Mark Povey - Into a war zone

Running time
2 min 5 sec
Department of Veterans' Affairs


We got off the plane. As I said, we got given our helmet, a ballistic vest, and our weapon and we boarded a couple of minibuses and the outgoing commanding officer of the contingent, took us on a trip around the airport, took us on a trip to the other Australian compound which overlooked the airfield, showed us around there and then we went to the main gate to the airport to travel across the university compound. And as we arrived at the gate, having been in country, about an hour, gunfire started happening outside the gates.

So it was like, "Oh my God, this is for real now". We just waited in the vehicle and we sat in these vehicles for about 40 minutes, or thereabouts, and then we' got the all clear and they opened the gates and we were out in the streets. There was people walking the streets, local Somalis walking the streets and the first impression I got was that everything had been destroyed. There was no infrastructure.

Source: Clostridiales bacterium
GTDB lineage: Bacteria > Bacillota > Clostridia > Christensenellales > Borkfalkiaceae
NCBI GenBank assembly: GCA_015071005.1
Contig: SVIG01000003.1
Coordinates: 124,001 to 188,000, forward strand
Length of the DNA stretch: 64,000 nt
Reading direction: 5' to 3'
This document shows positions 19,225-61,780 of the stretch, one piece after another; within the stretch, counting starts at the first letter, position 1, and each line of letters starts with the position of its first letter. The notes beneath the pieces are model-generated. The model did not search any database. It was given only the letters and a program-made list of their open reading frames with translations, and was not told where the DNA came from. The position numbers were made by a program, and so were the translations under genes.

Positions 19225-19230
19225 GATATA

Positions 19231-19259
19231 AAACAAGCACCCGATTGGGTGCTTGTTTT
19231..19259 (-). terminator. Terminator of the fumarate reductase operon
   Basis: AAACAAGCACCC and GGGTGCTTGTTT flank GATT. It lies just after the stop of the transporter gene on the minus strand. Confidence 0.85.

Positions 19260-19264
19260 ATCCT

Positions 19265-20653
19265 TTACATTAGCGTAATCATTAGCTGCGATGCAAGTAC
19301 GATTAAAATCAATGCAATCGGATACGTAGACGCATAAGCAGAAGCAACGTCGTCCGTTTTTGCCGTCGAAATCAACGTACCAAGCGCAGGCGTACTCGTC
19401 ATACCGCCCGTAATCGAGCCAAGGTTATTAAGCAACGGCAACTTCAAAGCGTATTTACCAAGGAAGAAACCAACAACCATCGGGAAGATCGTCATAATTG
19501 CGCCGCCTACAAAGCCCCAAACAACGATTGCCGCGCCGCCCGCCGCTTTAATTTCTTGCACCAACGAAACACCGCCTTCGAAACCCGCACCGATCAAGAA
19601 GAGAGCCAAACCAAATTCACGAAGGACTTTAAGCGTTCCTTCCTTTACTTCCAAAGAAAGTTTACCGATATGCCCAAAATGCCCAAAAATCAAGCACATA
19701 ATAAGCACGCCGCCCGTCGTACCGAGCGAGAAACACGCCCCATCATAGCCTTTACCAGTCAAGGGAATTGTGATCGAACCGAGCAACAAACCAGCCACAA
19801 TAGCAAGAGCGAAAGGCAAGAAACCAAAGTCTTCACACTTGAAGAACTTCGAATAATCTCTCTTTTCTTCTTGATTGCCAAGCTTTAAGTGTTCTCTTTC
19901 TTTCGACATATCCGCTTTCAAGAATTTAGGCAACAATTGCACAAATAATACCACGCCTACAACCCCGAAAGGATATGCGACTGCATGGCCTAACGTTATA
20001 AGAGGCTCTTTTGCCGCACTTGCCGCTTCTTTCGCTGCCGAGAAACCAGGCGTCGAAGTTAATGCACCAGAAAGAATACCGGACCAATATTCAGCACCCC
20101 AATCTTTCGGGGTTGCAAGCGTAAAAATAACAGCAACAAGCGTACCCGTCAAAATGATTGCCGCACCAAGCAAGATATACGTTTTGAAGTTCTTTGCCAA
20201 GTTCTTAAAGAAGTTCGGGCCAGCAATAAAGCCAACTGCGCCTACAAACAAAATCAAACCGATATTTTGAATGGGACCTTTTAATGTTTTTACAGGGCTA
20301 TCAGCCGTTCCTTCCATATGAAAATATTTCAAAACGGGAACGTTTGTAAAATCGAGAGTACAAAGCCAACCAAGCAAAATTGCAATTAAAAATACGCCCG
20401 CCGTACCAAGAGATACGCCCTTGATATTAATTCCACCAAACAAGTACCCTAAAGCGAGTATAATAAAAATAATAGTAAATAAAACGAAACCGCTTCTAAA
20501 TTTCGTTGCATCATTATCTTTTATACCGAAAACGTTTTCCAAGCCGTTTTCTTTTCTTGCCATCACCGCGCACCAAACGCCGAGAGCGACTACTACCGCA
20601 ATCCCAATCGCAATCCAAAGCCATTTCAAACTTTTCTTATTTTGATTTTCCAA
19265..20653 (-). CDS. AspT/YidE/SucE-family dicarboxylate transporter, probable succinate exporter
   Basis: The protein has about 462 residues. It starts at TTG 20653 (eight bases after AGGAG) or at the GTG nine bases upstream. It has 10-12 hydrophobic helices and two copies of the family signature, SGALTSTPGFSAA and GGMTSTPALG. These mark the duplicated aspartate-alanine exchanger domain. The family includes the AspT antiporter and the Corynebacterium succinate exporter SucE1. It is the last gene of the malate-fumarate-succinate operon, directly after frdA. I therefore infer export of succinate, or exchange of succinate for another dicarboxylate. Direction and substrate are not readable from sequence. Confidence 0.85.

They had destroyed the water plant, the electricity plan. So obviously, there was no power in country, there was no water in country and the place was, well it was a war zone. Everywhere you looked there was bullet holes. None of the locals had anything of significance. Everybody sort of lived day to day and the reality set in that this was a country that was in a lot of trouble. I suppose we were just hoping that the small bit of job that we were going to do was going to be helpful for the time we were there. But it was a real eye opener, that this is what happens to a country in wartime.

Was this page helpful?
We can't respond to comments or queries via this form. Please contact us with your query instead.